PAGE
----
* The previous chapters focused mostly on motion in a straight line. The same principles apply to rotational motion, but end up being reinterpreted in some interesting ways. This chapter provides a short study of the physics of rotational motion.

[4.1] ROTATIONAL MOTION / ANGULAR VELOCITY

[4.2] FUNDAMENTAL QUANTITIES / CENTER OF MASS

[4.3] TORQUE, MOMENT OF INERTIA, & THE SECOND LAW OF MOTION

[4.4] MOMENT OF INERTIA IN DETAIL

[4.5] THIRD LAW OF MOTION / WORK & ENERGY

[4.6] CENTRIPETAL & CENTRIFUGAL FORCE

[4.7] CONSERVATION OF ANGULAR MOMENTUM

[4.8] FOOTNOTE: MACH'S PRINCIPLE

* To consider rotational motion, let's imagine that Dexter has built a test apparatus, consisting of a mass linked to a rod that can be pivoted around a pole. The mass is very compact, so its size and shape can be disregarded. The mass of the rod is small and can be ignored.

The rod spins the mass around the pole in a circle at a rate of, say, six meters per second. For the purposes of this discussion, we can refer to this measure of velocity as the "linear velocity" of the mass, though of course the line is circular, not straight. We define this as linear velocity in order to introduce a different concept of velocity applicable to rotational motion, known as "angular velocity". If the mass is positioned on the rod one meter from the pole, then the circular path length of the mass is one meter times 2PI (two times pi), or about 6.28 meters. That means that the number of revolutions the mass makes around the pole in one second is:

mass_velocity / ( 2PI * rod_length ) = 0.955 revolutions per second

This defines the angular velocity of the mass as 0.955 revolutions per second. In general, we can define angular velocity as follows:

_________________________________________________________________________ angular_velocity = linear_velocity / ( 2PI * radius ) _________________________________________________________________________

-- with angular velocity given in revolutions per second. Notice the clear difference between linear velocity and angular velocity:

- Linear velocity gives the number of meters the mass travels in a second,
which means that for a given value of linear velocity the actual number of
revolutions per second drops as the length of the radius, and the length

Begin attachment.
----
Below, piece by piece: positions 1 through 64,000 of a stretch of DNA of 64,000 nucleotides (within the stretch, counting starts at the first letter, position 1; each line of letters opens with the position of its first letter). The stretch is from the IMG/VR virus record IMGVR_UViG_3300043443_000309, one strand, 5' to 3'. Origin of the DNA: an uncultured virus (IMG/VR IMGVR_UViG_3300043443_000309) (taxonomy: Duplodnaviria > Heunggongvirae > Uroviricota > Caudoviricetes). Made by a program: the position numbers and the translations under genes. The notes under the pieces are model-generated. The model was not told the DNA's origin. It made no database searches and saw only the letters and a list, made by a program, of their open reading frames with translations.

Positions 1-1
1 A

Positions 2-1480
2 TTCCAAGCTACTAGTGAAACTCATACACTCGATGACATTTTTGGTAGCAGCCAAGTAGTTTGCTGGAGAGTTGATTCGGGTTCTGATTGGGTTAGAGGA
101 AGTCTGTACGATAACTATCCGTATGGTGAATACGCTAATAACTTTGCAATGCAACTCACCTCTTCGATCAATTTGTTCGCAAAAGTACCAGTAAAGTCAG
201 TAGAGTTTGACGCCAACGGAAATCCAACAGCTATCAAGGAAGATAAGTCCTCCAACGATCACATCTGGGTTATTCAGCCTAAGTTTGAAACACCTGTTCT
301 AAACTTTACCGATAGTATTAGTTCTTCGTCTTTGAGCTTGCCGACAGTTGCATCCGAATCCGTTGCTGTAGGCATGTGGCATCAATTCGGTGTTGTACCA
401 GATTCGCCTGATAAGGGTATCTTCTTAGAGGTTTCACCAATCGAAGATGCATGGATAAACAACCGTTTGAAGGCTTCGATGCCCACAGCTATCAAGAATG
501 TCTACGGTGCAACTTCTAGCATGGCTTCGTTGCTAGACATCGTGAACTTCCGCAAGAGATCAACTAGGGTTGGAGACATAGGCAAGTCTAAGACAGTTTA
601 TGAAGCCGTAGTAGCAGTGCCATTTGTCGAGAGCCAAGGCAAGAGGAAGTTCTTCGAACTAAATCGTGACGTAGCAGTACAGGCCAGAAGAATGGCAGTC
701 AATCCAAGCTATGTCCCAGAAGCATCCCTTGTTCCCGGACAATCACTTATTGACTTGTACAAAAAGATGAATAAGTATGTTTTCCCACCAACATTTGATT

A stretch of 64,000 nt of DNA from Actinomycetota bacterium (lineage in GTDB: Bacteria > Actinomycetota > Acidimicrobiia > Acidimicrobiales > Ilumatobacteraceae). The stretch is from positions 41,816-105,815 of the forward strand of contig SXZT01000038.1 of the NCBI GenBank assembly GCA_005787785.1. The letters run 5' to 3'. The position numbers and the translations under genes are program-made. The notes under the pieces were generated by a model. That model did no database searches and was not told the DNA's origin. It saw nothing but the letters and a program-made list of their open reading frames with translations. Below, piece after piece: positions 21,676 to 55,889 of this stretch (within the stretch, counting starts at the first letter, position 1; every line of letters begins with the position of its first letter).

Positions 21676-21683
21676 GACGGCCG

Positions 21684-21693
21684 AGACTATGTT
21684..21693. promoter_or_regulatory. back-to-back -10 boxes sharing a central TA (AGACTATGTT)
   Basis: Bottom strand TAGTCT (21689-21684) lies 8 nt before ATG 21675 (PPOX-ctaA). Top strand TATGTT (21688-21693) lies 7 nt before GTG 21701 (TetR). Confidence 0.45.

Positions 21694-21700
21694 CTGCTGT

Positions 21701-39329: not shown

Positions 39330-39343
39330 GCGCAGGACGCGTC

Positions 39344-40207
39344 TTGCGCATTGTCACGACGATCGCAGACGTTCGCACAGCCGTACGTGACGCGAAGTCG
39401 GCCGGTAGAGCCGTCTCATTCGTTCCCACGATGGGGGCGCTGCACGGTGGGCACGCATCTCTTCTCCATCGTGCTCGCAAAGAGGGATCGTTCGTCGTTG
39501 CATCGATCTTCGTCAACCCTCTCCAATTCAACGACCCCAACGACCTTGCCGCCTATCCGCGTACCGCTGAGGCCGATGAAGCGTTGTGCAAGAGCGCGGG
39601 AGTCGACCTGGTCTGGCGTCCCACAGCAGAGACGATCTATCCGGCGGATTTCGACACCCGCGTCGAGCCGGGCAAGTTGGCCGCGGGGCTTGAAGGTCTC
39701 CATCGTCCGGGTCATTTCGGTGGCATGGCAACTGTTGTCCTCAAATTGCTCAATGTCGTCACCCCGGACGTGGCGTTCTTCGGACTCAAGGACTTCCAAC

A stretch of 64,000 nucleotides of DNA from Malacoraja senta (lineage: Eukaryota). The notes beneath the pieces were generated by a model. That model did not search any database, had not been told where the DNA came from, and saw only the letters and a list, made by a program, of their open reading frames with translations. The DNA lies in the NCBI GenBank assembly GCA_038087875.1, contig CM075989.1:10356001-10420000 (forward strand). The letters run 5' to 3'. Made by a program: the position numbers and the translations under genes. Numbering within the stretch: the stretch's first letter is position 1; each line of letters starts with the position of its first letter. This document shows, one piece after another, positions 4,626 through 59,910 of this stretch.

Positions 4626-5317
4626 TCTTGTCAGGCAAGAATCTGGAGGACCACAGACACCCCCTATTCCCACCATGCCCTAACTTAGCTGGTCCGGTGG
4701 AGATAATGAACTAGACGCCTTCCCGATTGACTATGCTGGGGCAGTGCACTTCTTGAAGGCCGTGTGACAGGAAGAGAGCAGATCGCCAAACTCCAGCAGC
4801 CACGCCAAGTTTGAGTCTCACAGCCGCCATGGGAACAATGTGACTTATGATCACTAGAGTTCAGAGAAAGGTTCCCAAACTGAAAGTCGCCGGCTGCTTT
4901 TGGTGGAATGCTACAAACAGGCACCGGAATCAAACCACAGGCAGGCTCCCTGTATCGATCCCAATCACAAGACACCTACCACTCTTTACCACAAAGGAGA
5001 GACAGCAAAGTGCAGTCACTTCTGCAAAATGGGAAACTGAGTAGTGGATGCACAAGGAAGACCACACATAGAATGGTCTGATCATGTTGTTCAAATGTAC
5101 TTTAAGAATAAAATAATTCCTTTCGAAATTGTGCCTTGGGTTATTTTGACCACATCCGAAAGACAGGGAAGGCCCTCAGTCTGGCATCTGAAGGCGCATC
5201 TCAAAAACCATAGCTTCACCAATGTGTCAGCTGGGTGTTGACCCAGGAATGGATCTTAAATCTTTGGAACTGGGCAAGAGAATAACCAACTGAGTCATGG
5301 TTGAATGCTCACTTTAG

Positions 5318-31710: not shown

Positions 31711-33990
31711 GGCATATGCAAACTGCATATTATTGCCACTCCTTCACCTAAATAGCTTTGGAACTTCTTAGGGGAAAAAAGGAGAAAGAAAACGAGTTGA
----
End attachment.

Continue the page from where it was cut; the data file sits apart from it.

of the circular path around the rod, increases.

- Angular velocity gives the number of revolutions of the mass in a second, regardless of how big a circle it travels around, meaning that for a given angular velocity, the linear velocity increases as the radius increases.

Suppose that the mass can be slid forward and back along the rod, and that it Dexter moves it in so that it's only half a meter from the pole. Suppose further that the rod continues to rotate at the same rate. That means that although the angular velocity is the same, 0.955 revolutions per second, the linear velocity has been cut in half, to three meters per second. Similarly, suppose Dexter moves the mass out along the rod until it's two meters from the pole, and once again the rod continues to rotate at the same rate. The angular velocity is still the same, but the linear velocity has doubled, to twelve meters per second.

* Angular velocity is not normally measured in revolutions per second. The popular unit for angular velocity is "revolutions per minute (RPM)", and of course all that needs to be done is multiply revolutions per second by 60 to get revolutions per minute. For the example above, the RPM amounts to 60 * 0.955 = 57.3 RPM.

However, RPM isn't a very convenient unit for performing calculations. A somewhat more convenient unit for angular velocity is degrees per second, with 360 degrees in a circle. To get degrees per second, all that needs to be done is multiply the revolutions per second by 360. For the example above, the mass has an angular velocity of 360 * 0.955 = 344 degrees per second.

Degrees are a unit of angular measurement, and though we have defined angular velocity as the number of revolutions per second, the term "angular velocity" itself suggests that it's more properly defined as the change in angle per second. The two definitions are equivalent, with the first being more intuitive and the second being more useful for calculations.

In practice, from the point of view of calculations, there is a even more convenient unit for angular measurement than degrees, known as "radians". One radian is just the length of one radius of a circle along the circumference of that circle, and so there are 2PI, or about 6.28, radians in a circle. Degrees are in popular use and so are generally more intuitive than radians, but radians make rotational calculations much more consistent and easy to handle. For example, if angular velocity is expressed in radians, then its definition is simplified to: